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English Grammar

Adjectives and Adverbs

Take the QUIZ on Adjectives and Adverbs


Adjectives are words that modify a noun or pronoun. An adjective can modify a noun in several ways. It can tell what kind, which one and how many.

what kind: worst storms, mountainous waves, red jacket, beautiful girl

which one: this hurricane, that shore, those countries

how many: one town, three students

Often a noun is modified by more than one adjective. Good book, big book, that book

Adverbs are words that modify a verb, an adjective or another verb.

describing a verb: moved slowly

describing an adjective: already late

describing an adverb: far away

Adverbs can modify verbs and adjectives in several ways. They can tell how, when or how often, where and to what extent.

how: moved slowly

when: already gigantic

where: land far away

to what extent: nearly empty

Hint: To figure out whether a word is an adjective or an adverb look for the word it modifies.


The snow fell on the red flower (red is an adjective because it modifies the noun flower).

The mail arrived late today (late is an adverb because it modifies the verb arrive).

A late dinner was served at the restaurant (late is an adjective because it modifies the noun dinner).

Forming Adjectives and Adverbs

Adjectives and adverbs modify different kinds of words. Therefore, you should not use one in the place of other. Usually adjectives and adverbs are formed in different ways. By knowing how they are formed, you can be sure to use them correctly.

Adjectives do not have special forms. Many adverbs, however, are formed by adding 'ly' to an adjective.

Adverbs formed with 'ly'

Adjectives Adverbs
loud screaming
scream loudly
warm clothes
warmly dressed
beautiful photograph
paints beautifully

Some adverbs are formed from adjectives in other ways.

If the adjective ends in:

ll, add only a y: full becomes fully

y, change the y to i and add ly: happy becomes happily

le, change the le to ly: horrible becomes horribly

ic, add al before adding ly: frantic becomes frantically

Same Form of Adjectives and Adverbs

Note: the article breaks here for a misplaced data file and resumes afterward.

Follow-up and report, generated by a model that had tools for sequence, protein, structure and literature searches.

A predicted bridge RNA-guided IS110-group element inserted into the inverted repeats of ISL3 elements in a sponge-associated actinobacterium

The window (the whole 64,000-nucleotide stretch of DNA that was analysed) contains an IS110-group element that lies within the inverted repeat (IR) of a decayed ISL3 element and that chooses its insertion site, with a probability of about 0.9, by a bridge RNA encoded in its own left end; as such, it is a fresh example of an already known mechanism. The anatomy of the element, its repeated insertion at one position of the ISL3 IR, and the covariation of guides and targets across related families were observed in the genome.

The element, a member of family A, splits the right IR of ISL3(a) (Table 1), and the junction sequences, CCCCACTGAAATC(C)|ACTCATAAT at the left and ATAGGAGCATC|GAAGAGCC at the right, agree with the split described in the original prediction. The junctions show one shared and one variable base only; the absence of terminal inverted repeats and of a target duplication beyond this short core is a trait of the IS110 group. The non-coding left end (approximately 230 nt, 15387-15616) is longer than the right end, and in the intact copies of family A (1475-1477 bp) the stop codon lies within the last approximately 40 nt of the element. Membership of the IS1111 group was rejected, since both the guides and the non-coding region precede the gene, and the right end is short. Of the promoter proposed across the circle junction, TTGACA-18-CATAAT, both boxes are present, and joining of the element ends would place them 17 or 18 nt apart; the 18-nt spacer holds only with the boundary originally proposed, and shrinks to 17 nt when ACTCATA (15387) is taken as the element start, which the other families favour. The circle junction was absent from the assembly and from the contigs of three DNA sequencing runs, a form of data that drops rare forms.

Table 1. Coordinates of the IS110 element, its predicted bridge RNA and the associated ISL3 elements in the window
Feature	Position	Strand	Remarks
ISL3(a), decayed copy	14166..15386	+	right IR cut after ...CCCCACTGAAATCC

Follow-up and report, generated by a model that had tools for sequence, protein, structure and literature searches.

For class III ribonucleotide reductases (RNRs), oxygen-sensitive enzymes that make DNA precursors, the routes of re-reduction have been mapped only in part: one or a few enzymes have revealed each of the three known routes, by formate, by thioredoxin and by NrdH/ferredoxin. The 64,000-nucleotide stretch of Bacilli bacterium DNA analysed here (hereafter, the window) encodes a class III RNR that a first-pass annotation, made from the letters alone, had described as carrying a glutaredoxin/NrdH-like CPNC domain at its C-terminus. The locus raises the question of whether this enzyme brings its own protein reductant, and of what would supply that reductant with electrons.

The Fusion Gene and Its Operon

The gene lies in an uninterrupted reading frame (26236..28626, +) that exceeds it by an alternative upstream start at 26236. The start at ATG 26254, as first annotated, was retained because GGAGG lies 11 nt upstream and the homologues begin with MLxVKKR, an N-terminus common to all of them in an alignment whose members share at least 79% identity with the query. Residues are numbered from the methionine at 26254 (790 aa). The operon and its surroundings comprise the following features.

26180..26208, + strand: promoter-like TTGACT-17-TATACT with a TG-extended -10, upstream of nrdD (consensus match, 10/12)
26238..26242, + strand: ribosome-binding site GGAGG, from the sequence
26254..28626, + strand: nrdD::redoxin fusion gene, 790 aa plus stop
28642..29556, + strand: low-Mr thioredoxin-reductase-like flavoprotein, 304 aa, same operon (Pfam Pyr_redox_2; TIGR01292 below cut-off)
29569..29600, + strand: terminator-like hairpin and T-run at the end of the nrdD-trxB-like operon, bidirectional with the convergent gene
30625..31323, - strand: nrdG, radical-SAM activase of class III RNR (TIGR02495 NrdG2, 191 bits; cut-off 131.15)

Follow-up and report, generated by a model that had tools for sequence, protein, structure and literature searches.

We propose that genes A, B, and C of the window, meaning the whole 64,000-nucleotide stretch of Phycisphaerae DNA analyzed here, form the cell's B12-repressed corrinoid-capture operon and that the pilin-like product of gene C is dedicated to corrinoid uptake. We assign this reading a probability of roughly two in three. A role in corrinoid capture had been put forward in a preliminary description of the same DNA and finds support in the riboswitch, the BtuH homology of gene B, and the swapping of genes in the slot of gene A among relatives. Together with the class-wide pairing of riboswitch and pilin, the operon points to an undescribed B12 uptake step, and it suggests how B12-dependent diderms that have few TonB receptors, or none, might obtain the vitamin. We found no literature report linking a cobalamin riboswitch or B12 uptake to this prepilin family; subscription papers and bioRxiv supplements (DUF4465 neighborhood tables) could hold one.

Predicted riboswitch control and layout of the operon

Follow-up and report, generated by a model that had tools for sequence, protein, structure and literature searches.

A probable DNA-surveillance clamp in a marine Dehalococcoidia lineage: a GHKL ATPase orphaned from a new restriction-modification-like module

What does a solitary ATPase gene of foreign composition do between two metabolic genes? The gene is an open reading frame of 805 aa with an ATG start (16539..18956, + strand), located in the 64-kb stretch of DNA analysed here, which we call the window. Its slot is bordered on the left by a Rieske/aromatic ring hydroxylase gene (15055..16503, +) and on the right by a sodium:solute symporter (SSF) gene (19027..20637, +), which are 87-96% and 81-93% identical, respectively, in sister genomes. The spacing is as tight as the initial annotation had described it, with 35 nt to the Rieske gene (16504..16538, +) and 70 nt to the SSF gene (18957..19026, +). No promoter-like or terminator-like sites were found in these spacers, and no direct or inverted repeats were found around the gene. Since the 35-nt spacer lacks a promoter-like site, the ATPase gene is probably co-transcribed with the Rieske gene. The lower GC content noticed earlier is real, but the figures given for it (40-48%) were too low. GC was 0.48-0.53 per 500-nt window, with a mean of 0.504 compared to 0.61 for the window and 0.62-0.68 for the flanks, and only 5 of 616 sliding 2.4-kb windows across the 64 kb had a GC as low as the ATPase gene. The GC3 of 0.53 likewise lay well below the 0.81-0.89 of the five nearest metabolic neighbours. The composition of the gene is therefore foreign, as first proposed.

Some adjectives and adverbs have the same form. The table below shows some of these. Please note especially that words ending in ly are not always adverbs.

Adjectives and Adverbs with the Same Form


Problems with Adjectives and Adverbs:

Adverbs can often be moved around in a sentence without changing the meaning or making the sentence unclear.

Reading my favorite book relaxes me slowly.

I am relaxed when I read my book slowly.

As you see in the above two sentences, the two different places of the adverb 'slowly' creates a different meaning. In the first sentence I relax slowly when reading my favorite book. In the second sentence, the meaning is completely different: If I read my book slowly, I relax.

Modifiers Used with Linking Verbs:

Remember that linking verbs are words like appear, feel, and look. They connect a noun with another word that modifies it or renames it. Certain verbs can be used both as linking verbs or action verbs.

Both Linking and Action Verbs


A modifier following these word can be an adjective or adverb. To know which is correct, decide what words is being modified. If the word modifies a noun, it must be an adjective. A common mistake is to use the adverb because it seems to modify the verb it follows.

Incorrect: That bag looks heavily
Correct: That bag looks heavy. (Look is a helping verb; a heavy bag)

Incorrect: Jason grew quick.
Correct: Jason grew quickly. (How Jason grew)

Hint: Use this trick to help you decide whether a verb is used as a linking verb or an action verb. Mentally replace the verb with the linking verb, 'is' or 'are'. If the sentence still makes sense, the verb is a linking verb. The modifier should be an adjective. If the sentence doesn't make sense, it is an action verb. Then, the modifier should be an adverb.

Sarah grew angry: Sarah is angry. It is correct because the second sentence makes sense with 'is'.

Jane grew quickly. Jane is quickly. It is incorrect because the second sentence doesn't make sense with 'is'.







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